Blog: A taste of what you may find on Maui

Christmas trees in Hawaii

Perhaps you are wondering, how does one celebrate Christmas in Hawaii? What do they do about trees?

Well….. a lot of people (myself included) use fake trees. However, you can (believe it or not) also buy real trees. Trees are brought by air-conditioned container from Oregon or Washington State. After several weeks at sea you can imagine how ‘fresh’ they are. But to be fair, I’ve never bought one. Every year there are a few stories on the news about tree shipments that are destroyed or sent back because they have a slug or other bug infestation.

Another option are locally grown Norfolk and Monterey Pine Christmas trees. I don’t actually know anyone who has had one of these, but will be asking around. I’m intrigued at the thought of having a real tree again (I used to love the Fraser Fir Christmas trees we’d get when we lived in BC).

Some people use local trees from Haleakala. The Friends of Haleakala National Park host an annual event where you help clear the mountain of non-native invasive trees, and then use them as your Christmas tree.

And yes, of course you will see palm trees with their trunks wrapped in lights. Though it’s difficult to bring those indoors.

MauiWatch on Facebook recently asked residents to post pictures of their trees. Most of them look very much like ‘mainland’ Christmas trees. But here are a few unique ones, all posted by MauiWatch followers on Facebook.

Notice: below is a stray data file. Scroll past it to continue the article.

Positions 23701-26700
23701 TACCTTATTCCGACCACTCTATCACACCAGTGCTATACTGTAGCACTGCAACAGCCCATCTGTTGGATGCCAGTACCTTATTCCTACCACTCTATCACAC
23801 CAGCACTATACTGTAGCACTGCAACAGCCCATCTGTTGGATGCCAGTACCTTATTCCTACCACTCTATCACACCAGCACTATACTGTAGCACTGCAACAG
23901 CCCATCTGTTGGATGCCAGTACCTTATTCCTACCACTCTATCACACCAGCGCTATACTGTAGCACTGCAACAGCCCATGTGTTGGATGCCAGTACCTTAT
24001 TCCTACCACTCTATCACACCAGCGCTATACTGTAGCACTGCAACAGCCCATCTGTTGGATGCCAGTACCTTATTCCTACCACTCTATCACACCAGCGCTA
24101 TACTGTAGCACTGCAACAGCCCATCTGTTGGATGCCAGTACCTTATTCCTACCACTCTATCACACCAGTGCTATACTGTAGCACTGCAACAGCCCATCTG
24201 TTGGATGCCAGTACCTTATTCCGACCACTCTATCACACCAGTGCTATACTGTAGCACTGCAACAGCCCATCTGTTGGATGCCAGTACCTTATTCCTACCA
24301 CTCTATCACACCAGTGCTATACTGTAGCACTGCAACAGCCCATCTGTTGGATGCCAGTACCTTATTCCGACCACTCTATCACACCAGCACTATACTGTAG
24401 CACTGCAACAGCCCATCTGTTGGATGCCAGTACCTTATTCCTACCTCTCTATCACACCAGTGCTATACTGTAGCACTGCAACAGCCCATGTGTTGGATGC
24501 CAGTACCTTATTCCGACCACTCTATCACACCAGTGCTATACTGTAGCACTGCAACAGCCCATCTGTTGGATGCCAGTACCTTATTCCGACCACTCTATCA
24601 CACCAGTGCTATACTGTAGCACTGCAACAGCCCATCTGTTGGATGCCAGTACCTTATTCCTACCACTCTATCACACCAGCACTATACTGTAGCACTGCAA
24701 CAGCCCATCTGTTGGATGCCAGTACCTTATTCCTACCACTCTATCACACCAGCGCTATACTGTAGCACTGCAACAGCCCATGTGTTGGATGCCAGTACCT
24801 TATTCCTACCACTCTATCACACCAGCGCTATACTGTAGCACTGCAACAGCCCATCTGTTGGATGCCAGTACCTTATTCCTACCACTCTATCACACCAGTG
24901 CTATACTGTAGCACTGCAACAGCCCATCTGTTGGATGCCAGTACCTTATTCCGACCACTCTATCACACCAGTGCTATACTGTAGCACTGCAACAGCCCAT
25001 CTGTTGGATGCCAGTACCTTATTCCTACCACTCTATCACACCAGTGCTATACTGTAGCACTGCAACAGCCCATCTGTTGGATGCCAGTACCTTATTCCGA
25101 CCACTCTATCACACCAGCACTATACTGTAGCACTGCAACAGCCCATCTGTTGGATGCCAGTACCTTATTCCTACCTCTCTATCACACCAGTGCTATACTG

courtesy MauiWatch

courtesy MauiWatch

courtesy MauiWatch

‘Hawaii Containers must be free from soil and debris and care must be taken to prevent contamination of Christmas trees and containers with soil during storage and loading procedures. Trees shipped to Hawaii must be shaken to qualify for certification. An ODA Shaking Compliance Agreement is required.
Shaking options are: ….
Each containerized shipment of trees shall be accompanied by a valid phytosanitary certificate that has been issued at the point of origin by an agriculture official from the participating domestic regulatory agency. The certificate shall be conspicuously affixed or located on the inside door panel of the container and shall contain the following added declarations:
A)  100 percent of the trees have been mechanically or manually shaken;
B) The trees have been grown and originate from an area free of gypsy moth and sudden oak death; and
C) The shipment is apparently free of yellowjackets (Vespula spp.), snails, slugs and other detrimental pests.’

So now you know….